People often ask me, "How should I structure my business and my teams?" (Well, actually they don't, but I expect they might after reading the previous chapter.) Unfortunately, there's no simple answer to that question. At least not a simple answer that also happens to be right. People might as well ask, "What is the best form for a species?" The question makes no sense. One cannot claim that a starfish has a better body structure than a spider. Both species exist, and both have found a niche in which to survive. The spider can't survive in the sea. And the starfish won't survive in my cellar. It is the same with organizations. The "best" organizational structure depends on the environment in which the organization needs to survive.
Thus we see that in today's environment, no solutions can be independent of either time or context. This also applies to organizational structures. To the extent that this is true, there is not—and likely may never be—any single form of organizational structure that provides maximum overall effectiveness.1
But the structure of an organization not only depends on its environment. The second factor in organizational change is the type of products. Conway's Law 2 says:
Organizations which design systems [...] are constrained to produce designs which are copies of the communication structures of these organizations.3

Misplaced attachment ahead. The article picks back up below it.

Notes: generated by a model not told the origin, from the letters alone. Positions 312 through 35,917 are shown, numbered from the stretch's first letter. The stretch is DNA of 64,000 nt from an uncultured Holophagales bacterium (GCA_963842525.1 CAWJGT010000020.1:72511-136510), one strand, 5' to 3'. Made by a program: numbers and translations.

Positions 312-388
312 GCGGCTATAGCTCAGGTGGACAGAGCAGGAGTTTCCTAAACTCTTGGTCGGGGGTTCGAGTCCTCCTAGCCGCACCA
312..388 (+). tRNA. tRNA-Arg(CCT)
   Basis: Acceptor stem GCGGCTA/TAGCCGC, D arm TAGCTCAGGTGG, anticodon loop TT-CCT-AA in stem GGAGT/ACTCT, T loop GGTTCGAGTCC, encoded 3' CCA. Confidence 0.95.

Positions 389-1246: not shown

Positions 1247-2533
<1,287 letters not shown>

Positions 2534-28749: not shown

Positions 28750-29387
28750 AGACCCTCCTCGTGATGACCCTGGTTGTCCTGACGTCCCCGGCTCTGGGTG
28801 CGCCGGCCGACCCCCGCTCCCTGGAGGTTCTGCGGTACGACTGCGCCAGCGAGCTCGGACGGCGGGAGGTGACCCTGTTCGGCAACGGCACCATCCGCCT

Conway's interesting observation easily leads to the conclusion that an organization must be adapted to the kinds of products that are being produced [Poppendieck 2009:67]. Therefore, a second driver for organizational design is the set of products developed in the business.
The third relevant factor contributing to organizational structure is the size of the organization. While an organization grows, it regularly needs restructuring to accommodate for its new size, even when environment and product types remain unchanged.
As a rule, every time a company grows by 50 percent, you should evaluate whether organizational changes are required, and by the time growth reaches 100 percent, you should already have made changes to accommodate that growth.4
And finally, the last driver for organizational change is the people. It is no coincidence that new managers and new teams, even when all else remains constant, often result in a restructuring of an organization. Different people need different structures to work with.